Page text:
It would be a plus if Hathaway could bring his home production up to what he has accomplished on the road, although he is hardly alone among Capitals in that regard. On the road, he is 4-4-8 (including his game-winning goal), plus-7, in 22 games, but on home ice so far he is 2-2-4, minus-1, in 17 games. He has only one point in his last 12 games at Capital One Arena. That was a game in which he displayed his feisty side as well. He has an assist and 15 penalty minutes in a 5-2 win over Anaheim on November 18th. You might also remember that this was the game in which he squared off with the Ducks’ Erik Gudbranson, his actions leading to a game misconduct penalty and a three-game suspension for “intent to injure/spitting.” Not that Hathaway has been a shrinking violet against the Sharks. In 11 career games against San Jose, he is 3-3-6, plus-1, with 24 penalty minutes.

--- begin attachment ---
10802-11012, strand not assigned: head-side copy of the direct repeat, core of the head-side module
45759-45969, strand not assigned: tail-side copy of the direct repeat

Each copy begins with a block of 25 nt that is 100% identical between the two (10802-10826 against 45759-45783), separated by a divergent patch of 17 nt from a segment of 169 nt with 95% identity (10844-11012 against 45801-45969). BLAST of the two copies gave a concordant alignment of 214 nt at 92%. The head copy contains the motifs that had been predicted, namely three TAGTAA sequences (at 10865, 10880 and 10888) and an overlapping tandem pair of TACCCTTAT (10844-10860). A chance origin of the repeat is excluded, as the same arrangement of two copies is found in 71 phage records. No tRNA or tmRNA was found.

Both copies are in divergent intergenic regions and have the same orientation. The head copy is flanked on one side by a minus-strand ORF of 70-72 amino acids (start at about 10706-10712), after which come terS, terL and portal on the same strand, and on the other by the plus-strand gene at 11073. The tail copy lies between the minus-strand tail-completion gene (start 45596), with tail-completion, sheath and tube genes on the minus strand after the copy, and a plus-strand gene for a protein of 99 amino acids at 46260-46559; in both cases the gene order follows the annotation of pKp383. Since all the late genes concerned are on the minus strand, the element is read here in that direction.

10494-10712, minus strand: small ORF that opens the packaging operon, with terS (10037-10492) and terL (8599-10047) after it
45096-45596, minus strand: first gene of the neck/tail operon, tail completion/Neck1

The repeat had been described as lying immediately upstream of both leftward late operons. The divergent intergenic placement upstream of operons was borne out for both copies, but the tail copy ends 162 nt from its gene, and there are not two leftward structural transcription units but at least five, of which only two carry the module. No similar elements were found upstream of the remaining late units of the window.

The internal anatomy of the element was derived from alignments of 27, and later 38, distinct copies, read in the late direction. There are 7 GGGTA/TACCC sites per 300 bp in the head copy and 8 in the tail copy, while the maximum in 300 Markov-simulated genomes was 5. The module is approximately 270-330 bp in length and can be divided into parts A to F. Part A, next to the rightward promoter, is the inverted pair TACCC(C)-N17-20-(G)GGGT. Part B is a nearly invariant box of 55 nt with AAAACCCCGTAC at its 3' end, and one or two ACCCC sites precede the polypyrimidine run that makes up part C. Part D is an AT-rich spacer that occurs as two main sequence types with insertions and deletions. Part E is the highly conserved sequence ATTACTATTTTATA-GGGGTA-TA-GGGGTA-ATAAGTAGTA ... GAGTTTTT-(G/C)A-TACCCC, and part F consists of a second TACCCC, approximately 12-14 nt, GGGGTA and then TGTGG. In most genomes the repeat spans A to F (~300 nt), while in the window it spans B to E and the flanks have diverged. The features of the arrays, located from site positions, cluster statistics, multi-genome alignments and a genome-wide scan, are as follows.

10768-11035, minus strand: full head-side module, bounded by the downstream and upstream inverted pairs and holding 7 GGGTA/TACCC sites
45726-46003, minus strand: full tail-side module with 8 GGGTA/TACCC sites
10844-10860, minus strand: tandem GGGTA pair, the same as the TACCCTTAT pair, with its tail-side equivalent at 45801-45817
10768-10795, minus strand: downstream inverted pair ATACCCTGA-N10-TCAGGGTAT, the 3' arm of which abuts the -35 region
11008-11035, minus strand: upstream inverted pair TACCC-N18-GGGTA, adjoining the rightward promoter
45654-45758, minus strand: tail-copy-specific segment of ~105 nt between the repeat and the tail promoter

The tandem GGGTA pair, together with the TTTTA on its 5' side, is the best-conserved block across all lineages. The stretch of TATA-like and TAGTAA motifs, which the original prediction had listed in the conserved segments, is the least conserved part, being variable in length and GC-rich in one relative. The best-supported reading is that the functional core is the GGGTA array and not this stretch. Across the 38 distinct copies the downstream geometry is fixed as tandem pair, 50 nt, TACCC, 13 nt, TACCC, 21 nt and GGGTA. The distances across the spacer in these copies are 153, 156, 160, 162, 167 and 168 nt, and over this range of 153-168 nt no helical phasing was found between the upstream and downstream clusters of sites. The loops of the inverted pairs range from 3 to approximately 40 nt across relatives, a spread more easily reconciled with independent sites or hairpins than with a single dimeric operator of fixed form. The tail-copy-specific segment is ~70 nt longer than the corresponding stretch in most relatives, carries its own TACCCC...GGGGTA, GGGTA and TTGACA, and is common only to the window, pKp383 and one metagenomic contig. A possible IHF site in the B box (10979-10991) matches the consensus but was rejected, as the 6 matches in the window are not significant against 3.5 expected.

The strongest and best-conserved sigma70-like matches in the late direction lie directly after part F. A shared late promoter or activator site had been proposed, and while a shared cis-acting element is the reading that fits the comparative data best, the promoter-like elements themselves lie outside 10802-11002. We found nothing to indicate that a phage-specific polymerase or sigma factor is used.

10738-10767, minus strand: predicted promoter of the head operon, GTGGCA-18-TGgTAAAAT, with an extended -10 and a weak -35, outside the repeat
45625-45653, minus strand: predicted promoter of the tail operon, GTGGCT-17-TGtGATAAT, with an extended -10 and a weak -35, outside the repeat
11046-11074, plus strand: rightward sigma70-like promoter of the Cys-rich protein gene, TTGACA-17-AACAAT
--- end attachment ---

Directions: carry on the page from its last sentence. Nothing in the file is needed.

In the end…
The Sharks are a mess. They fired head coach Peter DeBoer after starting the season 15-16-2, but they have not done any better under Bob Boughner (3-5-1). They are a poor road team (7-10-2/25th in points percentage), their 3-2 overtime win in Pittsburgh on Thursday notwithstanding. They will play in Columbus on Saturday afternoon before arriving in Washington for the fourth game of a five-game road trip, playing their third game in four days.
The Caps have been teetering on shaky skates themselves over the past couple of weeks, a victim of a pace that would be hard to sustain over a long season and a bug that seemed to be working its way through the team. But given the choice between where these teams are, the condition in which they find themselves, and what direction they are headed, the Caps are the better bet.
Capitals 5 – Sharks 2